would bet that almost everyone has some favorite food from childhood, likely made by his or her mother, or maybe grandmother or aunt.

I have often said that I would give a great deal of money for a spiced ham sandwich and fountain Coke from Gray’s Drug Store, perhaps followed up by one of their unmatchable chocolate milkshakes.

Alas, they are long gone and cannot be duplicated because part of the flavor was the history of the long-seasoned grill plus the skill and care of the staff.

But I also have a couple of things I miss closer to home.

Specifically, I long for my mother’s fried okra and her onion rings (yes, we did pronounce it okree).

No big deal, you might say. Just go to the internet and find the recipes.

Well, Google has failed me. I can find no recipe that seems right and no photo that even remotely looks like my mother’s okra, much less onion rings.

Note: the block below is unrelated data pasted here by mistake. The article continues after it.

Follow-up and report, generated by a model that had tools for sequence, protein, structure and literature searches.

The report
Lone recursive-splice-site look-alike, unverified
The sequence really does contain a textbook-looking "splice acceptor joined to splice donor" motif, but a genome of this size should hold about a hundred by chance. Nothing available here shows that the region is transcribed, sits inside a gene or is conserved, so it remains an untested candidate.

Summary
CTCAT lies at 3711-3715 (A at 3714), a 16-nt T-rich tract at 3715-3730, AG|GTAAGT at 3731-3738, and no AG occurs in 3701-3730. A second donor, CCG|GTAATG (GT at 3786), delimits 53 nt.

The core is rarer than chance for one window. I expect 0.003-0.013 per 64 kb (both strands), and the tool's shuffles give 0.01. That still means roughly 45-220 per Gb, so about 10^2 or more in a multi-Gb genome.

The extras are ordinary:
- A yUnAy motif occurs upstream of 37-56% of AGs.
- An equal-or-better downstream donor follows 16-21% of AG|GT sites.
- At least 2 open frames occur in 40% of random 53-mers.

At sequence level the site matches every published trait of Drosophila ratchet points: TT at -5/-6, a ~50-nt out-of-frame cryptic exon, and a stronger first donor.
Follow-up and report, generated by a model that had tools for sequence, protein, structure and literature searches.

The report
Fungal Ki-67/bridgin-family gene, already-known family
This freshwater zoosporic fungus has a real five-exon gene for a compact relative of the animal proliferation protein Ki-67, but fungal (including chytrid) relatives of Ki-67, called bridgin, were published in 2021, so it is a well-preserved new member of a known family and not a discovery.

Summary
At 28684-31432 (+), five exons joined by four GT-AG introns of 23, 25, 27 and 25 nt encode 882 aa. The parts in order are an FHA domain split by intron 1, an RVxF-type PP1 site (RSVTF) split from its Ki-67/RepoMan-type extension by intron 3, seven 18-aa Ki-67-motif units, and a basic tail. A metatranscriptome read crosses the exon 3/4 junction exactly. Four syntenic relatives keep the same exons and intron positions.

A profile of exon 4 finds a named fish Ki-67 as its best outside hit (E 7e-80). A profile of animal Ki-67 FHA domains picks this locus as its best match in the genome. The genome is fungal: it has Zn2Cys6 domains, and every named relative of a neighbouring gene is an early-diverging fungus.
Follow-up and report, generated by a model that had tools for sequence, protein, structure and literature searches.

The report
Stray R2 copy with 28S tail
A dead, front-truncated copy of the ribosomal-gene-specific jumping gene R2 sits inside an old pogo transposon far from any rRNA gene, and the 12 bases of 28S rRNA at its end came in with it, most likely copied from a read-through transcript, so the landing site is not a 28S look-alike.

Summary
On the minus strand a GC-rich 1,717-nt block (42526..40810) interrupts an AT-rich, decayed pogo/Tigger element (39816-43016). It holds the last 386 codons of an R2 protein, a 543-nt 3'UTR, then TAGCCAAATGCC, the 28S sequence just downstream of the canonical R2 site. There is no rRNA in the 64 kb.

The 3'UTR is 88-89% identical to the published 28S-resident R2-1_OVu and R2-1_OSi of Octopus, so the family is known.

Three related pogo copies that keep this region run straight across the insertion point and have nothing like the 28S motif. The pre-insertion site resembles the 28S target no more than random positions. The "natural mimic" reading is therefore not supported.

That doesn’t seem reasonable, but it’s true.

My mother’s okra was cooked with a sort of translucent crust that held it together, with no cornmeal or, I believe, even flour. The case of the onion rings is similar: battered but not breaded. Again, reason would dictate that I could duplicate the onion rings at least, but no dice.

Years after my last failed attempt, I tried the okra again this weekend but what I ended up with was a sort of mass that resembled a poorly crafted alien life form from a 1950s science fiction movie.

So, on a point of personal privilege, if anyone knows how they fried okra for dinner on the grounds at Hopewell Church in the 1950s and 1960s, please let me know. I fear the recipe is gone along with the wonderful women who used to make it.

And if you don’t have one of the magic recipes, maybe you have a favorite one of your own. Send it; that’s way better than striking out.

And millennials and other younger types, heed my words: Don’t take what you are served at home for granted. Write down those recipes no matter how mundane you may thing the dishes are now.

If you don’t, you will almost certainly regret it later.

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